Articles Posted in US Supreme Court

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In January 2017, President Trump signed executive order EO-1, "Protecting the Nation From Foreign Terrorist Entry," suspending, for 90 days, entry of foreign nationals from Iran, Iraq, Libya, Somalia, Sudan, Syria, and Yemen, and suspending the United States Refugee Admissions Program (USRAP) for 120 days. The Ninth Circuit upheld a nationwide temporary restraining order. The government revoked EO-1. EO-2 issued on March 6, describing conditions in six countries that “demonstrate ... heightened risks to [U.S.] security.” EO–2 section 2(a) directs Homeland Security to determine whether foreign governments provide adequate information about nationals applying for U.S visas and to report those findings to the President within 20 days; nations identified as deficient will have 50 days to alter their practices (2(b)). EO–2 2(c) directs that entry of nationals from Iran, Libya, Somalia, Sudan, Syria, and Yemen, be suspended for 90 days; section 3(c) provides for case-by-case waivers. Section 6(a) suspends decisions on applications for refugee status and travel of refugees under the USRAP for 120 days; 6(b) suspends refugee entries in excess of 50,000 for this year. The order’s stated effective date is March 16, 2017. The Ninth Circuit again declined to stay a temporary injunction. The Supreme Court stayed the order in part, with respect to sections 2(c), 6(a), and 6(b). An American individual or entity that has a bona fide relationship with a particular person seeking to enter the country can legitimately claim concrete hardship if that person is excluded, even if the 50,000-person cap has been reached. As to these individuals and entities, the Court did not disturb the injunction; as to those lacking any such connection, the balance tips in favor of the government’s compelling interest in security. The Court noted a June 12 Ninth Circuit decision vacating the injunction as to 2(a) and stated that the Executive should conclude its work and provide adequate notice to foreign governments within the 90-day life of 2(c). View "Trump. v. International Refugee Assistance Project" on Justia Law

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Under the Civil Service Reform Act, the Merit Systems Protection Board (MSPB) has the power to review certain personnel actions against federal employees. If an employee asserts rights under the CSRA only, MSPB decisions are subject to judicial review exclusively in the Federal Circuit, 5 U.S.C. 7703(b)(1). If the employee invokes only federal antidiscrimination law, the proper forum is federal district court. An employee who complains of a serious adverse employment action and attributes the action, in whole or in part, to bias based on race, gender, age, or disability brings a “mixed case.” When the MSPB dismisses a mixed case on the merits or on procedural grounds, review authority lies in district court, not the Federal Circuit. Perry received notice that he would be terminated from his Census Bureau employment for spotty attendance. Perry agreed to early retirement. The settlement required Perry to dismiss discrimination claims he had filed separately with the EEOC. After retiring, Perry appealed to the MSPB, alleging discrimination based on race, age, and disability, and retaliation for his discrimination complaints. He claimed the settlement had been coerced. Presuming Perry’s retirement to be voluntary, an ALJ dismissed his case for lack of jurisdiction. The MSPB affirmed, stating that Perry could seek review in the Federal Circuit. Perry instead sought review in the D.C. Circuit, which transferred the case to the Federal Circuit. The Supreme Court reversed. The proper review forum when the MSPB dismisses a mixed case on jurisdictional grounds is district court. A nonfrivolous claim that an agency action appealable to the MSPB violates an antidiscrimination statute listed in section 7702(a)(1) suffices to establish district court jurisdiction. Had Congress wanted to bifurcate judicial review, sending merits and procedural decisions to district court and jurisdictional dismissals to the Federal Circuit, it could have said so. View "Perry v. Merit Systems Protection Board" on Justia Law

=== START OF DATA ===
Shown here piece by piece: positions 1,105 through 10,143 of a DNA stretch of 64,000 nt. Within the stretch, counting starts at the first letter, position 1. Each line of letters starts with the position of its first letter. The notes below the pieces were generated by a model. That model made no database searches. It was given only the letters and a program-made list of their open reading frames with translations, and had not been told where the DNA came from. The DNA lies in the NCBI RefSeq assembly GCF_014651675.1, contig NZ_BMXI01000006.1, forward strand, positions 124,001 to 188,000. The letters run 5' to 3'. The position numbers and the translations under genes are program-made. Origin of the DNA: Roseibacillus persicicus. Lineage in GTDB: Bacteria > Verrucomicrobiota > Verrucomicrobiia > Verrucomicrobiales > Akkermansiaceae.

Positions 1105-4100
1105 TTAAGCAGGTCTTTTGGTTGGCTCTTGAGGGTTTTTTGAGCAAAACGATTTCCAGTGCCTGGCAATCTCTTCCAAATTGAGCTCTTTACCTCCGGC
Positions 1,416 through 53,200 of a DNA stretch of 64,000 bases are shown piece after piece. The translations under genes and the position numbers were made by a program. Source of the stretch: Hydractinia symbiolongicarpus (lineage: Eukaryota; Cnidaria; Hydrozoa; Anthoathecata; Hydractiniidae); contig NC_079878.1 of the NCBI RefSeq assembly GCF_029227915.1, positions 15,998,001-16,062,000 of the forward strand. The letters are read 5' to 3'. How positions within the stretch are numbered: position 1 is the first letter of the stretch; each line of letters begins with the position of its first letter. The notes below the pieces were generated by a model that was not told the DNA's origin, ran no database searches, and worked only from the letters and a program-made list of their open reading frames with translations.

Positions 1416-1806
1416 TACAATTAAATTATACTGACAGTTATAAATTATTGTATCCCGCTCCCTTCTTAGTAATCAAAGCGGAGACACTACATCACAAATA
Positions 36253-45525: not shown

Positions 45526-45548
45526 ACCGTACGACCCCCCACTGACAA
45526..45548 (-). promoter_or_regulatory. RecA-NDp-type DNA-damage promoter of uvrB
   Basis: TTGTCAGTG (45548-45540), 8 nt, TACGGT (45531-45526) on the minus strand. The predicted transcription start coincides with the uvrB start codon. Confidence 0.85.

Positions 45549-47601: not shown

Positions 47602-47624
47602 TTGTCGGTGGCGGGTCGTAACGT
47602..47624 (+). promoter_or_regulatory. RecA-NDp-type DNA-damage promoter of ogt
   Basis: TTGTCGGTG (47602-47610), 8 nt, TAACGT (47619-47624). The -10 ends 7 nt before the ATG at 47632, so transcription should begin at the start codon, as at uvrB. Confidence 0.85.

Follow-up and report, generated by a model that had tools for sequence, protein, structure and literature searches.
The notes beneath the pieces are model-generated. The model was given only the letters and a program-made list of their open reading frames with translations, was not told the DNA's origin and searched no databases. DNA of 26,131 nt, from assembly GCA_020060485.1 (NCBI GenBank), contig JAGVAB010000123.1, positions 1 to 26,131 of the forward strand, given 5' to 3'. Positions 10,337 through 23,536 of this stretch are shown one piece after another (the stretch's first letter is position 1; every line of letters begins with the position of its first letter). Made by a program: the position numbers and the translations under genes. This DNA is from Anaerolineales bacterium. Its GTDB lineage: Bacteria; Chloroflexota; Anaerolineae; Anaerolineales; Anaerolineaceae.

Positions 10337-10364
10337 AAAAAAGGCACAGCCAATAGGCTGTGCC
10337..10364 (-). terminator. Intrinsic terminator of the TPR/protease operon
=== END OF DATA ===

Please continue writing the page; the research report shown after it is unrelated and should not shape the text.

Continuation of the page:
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In the 1970s, federal district courts began ordering disgorgement in Securities and Exchange Commission enforcement proceedings. The Commission may also seek monetary civil penalties; 28 U.S.C. 2462 establishes a five-year limitations period for “an action, suit or proceeding for the enforcement of any civil fine, penalty, or forfeiture.” In 2009, the Commission brought an enforcement action against Kokesh for concealing the misappropriation of $34.9 million from business development companies, seeking monetary civil penalties, disgorgement, and an injunction. A jury found that Kokesh’s actions violated securities laws. The district court determined that section 2462’s limitations period applied to the monetary civil penalties but did not apply to the $34.9 million disgorgement judgment. The Tenth Circuit affirmed. A unanimous Supreme Court reversed. SEC disgorgement operates as a penalty under section 2462. It is imposed by the courts as a consequence for violating public laws, i.e., a violation committed against the United States rather than an aggrieved individual, and is imposed for punitive purposes. SEC disgorgement is often not compensatory. Disgorged profits are paid to the courts, which have discretion to determine how the money will be distributed. When an individual is made to pay a noncompensatory sanction to the government as a consequence of a legal violation, the payment is a penalty. Although disgorgement may sometimes serve compensatory goals, “sanctions frequently serve more than one purpose.” View "Kokesh v. Securities and Exchange Commission" on Justia Law